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London faces a £36m care funding gap

Hugh Grover
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To alter the funding landscape at this stage undermines local authority attempts to plan sustainable services, says London Councils’ director of fair funding, performance and procurement

Most agree the recent Care Act will fundamentally change how social care is commissioned, delivered and paid for.

In London, we are expecting the number of those eligible for care and support to rise by 27% once the act comes into force.

With this in mind, I turned to the current government consultation. 

Technical in nature, it proposes options for the distribution of £284m to fund the implementation costs for local authorities, notably targeting assessments, raising awareness and capacity building.

Though this type of consultation is commonplace, its message is concerning. There seems to be a number of glaring omissions, including:  

  • No account has been taken of social care clients under the age of 65 despite this group making up 40% of those receiving local authority support in London;
  • Within some of the proposals there is an oddly narrow interpretation of home ownership. With the category applied to 100% ownership only, if you have a mortgage or shared ownership, you’re not captured;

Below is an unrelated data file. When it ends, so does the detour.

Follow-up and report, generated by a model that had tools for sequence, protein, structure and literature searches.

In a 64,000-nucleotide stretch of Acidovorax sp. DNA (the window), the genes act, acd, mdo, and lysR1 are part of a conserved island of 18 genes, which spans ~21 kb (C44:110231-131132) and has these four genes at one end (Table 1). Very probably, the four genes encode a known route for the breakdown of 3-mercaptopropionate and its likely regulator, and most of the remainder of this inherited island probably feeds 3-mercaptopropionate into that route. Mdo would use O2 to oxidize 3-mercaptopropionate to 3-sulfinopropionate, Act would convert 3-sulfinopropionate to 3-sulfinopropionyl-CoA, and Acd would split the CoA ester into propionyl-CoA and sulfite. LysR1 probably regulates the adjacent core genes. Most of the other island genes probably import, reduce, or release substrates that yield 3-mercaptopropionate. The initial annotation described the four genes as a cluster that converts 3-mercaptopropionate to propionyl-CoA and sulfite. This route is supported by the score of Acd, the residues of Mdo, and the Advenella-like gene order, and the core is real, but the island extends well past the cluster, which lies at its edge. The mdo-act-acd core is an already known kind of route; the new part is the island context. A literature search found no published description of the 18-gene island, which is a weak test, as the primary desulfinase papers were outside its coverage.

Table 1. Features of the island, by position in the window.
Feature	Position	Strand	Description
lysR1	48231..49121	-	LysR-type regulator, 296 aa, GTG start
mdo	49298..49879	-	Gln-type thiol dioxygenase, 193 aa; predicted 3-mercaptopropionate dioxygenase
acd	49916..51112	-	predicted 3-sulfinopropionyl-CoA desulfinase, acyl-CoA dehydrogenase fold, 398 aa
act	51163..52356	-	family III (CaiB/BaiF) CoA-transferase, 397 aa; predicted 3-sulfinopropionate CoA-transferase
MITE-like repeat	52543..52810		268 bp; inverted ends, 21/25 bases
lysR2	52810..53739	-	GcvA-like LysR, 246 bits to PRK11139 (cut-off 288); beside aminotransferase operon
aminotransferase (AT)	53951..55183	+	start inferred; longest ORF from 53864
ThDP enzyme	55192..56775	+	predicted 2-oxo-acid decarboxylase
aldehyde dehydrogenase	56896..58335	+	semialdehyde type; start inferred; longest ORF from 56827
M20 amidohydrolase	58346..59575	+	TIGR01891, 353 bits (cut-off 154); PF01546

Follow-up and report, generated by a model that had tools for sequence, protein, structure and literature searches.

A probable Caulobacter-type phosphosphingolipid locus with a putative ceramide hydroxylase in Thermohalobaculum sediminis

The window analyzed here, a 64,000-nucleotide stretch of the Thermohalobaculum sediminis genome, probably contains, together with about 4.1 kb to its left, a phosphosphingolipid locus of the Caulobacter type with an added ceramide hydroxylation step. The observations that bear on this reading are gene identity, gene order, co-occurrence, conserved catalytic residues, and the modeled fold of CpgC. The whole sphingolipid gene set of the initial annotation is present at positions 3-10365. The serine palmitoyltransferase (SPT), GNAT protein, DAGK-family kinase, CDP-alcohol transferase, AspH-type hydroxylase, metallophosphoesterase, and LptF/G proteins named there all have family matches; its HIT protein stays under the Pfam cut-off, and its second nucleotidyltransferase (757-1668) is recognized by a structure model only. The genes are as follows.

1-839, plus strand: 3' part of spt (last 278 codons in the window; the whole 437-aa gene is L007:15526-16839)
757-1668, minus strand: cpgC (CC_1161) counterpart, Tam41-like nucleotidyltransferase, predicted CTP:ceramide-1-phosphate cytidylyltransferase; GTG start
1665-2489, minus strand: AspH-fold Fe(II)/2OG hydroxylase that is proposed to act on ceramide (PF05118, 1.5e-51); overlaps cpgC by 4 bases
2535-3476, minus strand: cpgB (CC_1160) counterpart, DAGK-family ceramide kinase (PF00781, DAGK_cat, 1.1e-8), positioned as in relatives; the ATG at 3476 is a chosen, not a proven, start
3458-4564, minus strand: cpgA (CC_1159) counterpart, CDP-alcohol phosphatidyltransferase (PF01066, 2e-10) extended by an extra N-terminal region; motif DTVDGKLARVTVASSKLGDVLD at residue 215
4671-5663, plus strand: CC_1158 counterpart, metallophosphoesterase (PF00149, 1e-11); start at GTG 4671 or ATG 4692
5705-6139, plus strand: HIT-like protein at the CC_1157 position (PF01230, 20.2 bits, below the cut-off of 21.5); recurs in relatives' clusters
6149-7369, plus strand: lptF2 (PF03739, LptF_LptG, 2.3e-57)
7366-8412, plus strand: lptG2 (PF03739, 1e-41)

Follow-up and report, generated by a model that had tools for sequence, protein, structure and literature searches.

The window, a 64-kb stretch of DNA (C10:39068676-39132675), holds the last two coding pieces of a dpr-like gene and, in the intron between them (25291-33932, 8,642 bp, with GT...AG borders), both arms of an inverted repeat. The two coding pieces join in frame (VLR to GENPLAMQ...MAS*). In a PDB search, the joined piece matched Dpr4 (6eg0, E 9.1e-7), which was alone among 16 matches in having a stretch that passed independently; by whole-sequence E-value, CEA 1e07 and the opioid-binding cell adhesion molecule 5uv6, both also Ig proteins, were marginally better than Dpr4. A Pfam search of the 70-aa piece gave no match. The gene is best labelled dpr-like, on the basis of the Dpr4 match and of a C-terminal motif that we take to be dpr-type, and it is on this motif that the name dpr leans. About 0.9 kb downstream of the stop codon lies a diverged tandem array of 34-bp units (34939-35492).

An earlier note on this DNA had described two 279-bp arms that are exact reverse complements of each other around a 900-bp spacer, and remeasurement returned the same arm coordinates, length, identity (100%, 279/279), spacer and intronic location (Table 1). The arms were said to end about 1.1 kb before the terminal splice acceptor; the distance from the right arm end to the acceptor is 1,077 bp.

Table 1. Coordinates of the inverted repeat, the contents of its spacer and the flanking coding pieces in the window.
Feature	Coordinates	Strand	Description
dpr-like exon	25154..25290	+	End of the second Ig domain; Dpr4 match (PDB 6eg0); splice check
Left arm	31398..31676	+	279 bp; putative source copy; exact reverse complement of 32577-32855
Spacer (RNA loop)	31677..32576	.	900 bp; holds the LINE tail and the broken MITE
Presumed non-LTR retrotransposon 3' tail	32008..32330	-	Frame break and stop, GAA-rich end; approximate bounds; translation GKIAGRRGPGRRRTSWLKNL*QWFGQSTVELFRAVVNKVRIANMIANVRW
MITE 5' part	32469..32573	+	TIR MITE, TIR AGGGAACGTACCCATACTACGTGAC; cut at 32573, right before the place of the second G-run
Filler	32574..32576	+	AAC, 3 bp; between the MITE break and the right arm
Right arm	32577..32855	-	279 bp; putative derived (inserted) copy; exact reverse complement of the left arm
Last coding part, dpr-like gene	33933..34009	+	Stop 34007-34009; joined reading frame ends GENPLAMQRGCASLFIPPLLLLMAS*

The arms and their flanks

• The robustness of some of the data samples is questionable. 

If these proposals are implemented, they transform the ‘illustrative’ funding allocations announced last December. 

For London, this could mean a reduction from what was anticipated of £13m (30%). Nine boroughs will see a drop of over 50%. 

We estimate that implementing the Care Act in London is likely to cost about £90m. If the proposals in this consultation go ahead they are likely to leave us with a funding gap of £36m.

This issue is not isolated to London. These proposals shift money away from the north-east, the north-west and many other metropolitan areas; an overall reduction in these areas of £13m or 19% according to some analyses.

On the other hand, Wokingham will see an increase of 68%, Dorset 46%, and Buckinghamshire 39%. In total the shire counties could receive an increase in funding of 23%. Some might see this as rather odd.

The illustrative allocations have been available for eight months. Systems and processes have been designed. Plans have been put in place. 

To fundamentally alter the funding landscape at this stage undermines local authority attempts to plan sustainable services and yet again weakens confidence in the finance system. 

Hugh Grover, director of fair funding, performance and procurement, London Councils





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